The curling analogy fits best for me, as each player contributes to each shot, and a great team needs to have great players and be well coached.

Your kids are part of your team, aren’t they?

Who is coaching your family?

 

The language of family business

The Languages of Family Legacy

Foreign language study concept background - stack of dictionaries isolated on white background

Having grown up in Montreal, a bilingual city, has been a wonderful boon to me. But the daily exposure I have had to both French and English has some benefits that many local friends take for granted.

Starting first grade, my Dad had decided to send me to French school, for my own good, but mostly because he wanted me to be well prepared to take the reins of the business that he was building.

In my 20’s, I took a vacation to Mexico and felt really ignorant because I did not understand the language, so when I got back, I headed to the YMCA for Spanish courses.

Facility with language learning is not something everyone has to the same degree, but having exposure early in life certainly helps one have the confidence needed to learn a new language when needed.

So what does this have to do with family legacy, you ask? Let the analogies begin.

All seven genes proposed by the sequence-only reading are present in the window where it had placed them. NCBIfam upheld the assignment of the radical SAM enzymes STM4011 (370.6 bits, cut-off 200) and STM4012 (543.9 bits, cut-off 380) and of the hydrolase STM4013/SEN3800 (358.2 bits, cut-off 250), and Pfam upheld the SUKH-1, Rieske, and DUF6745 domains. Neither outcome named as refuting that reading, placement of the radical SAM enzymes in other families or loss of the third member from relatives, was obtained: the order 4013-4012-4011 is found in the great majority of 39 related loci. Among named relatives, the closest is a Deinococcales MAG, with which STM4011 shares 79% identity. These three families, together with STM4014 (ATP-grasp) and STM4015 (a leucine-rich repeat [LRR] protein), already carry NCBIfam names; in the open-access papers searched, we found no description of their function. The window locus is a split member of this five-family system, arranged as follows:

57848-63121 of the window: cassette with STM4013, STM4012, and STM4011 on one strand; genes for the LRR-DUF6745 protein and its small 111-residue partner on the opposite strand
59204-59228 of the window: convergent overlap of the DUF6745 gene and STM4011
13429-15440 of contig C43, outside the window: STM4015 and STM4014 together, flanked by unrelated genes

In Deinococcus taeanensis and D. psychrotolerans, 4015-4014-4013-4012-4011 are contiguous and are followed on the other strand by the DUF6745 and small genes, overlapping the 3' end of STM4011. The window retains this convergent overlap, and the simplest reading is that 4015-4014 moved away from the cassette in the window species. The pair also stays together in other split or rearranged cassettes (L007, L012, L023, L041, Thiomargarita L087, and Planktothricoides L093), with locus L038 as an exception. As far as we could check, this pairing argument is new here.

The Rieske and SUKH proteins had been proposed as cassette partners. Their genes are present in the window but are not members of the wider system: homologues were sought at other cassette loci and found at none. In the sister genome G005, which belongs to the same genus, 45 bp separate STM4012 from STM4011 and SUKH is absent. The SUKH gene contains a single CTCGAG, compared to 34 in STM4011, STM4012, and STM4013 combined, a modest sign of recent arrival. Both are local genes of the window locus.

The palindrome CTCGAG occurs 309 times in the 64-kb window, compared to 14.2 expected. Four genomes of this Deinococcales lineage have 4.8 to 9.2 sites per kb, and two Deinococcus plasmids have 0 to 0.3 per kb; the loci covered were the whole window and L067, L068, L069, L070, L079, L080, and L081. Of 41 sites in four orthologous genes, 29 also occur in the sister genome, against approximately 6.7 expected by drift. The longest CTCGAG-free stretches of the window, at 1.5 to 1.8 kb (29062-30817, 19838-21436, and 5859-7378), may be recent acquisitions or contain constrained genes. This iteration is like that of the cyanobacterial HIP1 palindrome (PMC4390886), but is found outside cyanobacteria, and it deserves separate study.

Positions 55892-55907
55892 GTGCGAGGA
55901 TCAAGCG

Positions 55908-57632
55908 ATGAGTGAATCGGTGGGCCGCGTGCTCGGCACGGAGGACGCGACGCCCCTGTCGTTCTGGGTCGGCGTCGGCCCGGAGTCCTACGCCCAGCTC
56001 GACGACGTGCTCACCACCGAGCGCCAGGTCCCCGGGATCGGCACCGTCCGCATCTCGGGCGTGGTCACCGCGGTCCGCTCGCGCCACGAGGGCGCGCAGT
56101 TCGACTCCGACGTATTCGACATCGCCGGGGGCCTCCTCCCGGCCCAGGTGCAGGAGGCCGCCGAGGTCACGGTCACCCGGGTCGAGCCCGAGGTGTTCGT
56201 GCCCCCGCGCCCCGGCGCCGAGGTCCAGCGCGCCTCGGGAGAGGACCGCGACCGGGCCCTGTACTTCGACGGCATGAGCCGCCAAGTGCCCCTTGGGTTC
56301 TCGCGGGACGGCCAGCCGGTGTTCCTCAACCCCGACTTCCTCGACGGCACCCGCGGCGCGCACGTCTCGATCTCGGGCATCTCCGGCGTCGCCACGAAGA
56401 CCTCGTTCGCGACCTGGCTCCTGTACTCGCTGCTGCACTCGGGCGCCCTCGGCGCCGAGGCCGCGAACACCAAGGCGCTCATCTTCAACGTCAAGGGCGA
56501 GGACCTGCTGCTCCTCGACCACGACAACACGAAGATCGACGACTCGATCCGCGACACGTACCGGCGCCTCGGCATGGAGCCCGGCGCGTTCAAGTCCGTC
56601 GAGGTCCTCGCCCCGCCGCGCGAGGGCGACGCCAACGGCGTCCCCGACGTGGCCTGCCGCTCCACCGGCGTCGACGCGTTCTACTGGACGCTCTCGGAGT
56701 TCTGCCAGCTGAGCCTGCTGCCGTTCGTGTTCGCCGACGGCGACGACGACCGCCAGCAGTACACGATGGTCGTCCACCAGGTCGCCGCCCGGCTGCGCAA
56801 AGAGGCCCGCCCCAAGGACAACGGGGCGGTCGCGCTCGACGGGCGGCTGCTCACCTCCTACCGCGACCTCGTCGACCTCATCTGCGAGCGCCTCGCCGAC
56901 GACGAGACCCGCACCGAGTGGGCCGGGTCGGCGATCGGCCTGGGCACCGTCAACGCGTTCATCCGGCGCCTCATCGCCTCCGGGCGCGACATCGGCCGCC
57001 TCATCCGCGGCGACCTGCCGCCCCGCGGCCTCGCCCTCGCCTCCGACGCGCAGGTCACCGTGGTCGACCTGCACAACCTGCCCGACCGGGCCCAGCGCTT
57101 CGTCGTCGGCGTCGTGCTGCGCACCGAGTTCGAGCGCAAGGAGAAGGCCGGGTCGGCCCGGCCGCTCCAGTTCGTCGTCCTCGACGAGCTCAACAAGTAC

Dealing with your family legacy requires getting used to some new language, or at least some new vocabulary and new ways of expressing yourself, to develop common understanding.

Just like learning a new language, you don’t just decide to learn Spanish one day and become fluent the next.

These days there are new methods like Rosetta Stone that take advantage of technology and a better understanding of how people learn languages best, but let’s just break it down into some simple levels.

For many, reading a new language is the easiest way to begin to understand, because you can take your time and look at each word. Hearing people speak the words and understanding them in real time is more difficult.

To speak and be understood is again another level, and writing something coherent in an unfamiliar language is not advisable until you are much further along.

My point is that there is a progression through different levels, a need to move up gradually to develop a vocabulary, a comfort level, and the confidence to speak and use the new language.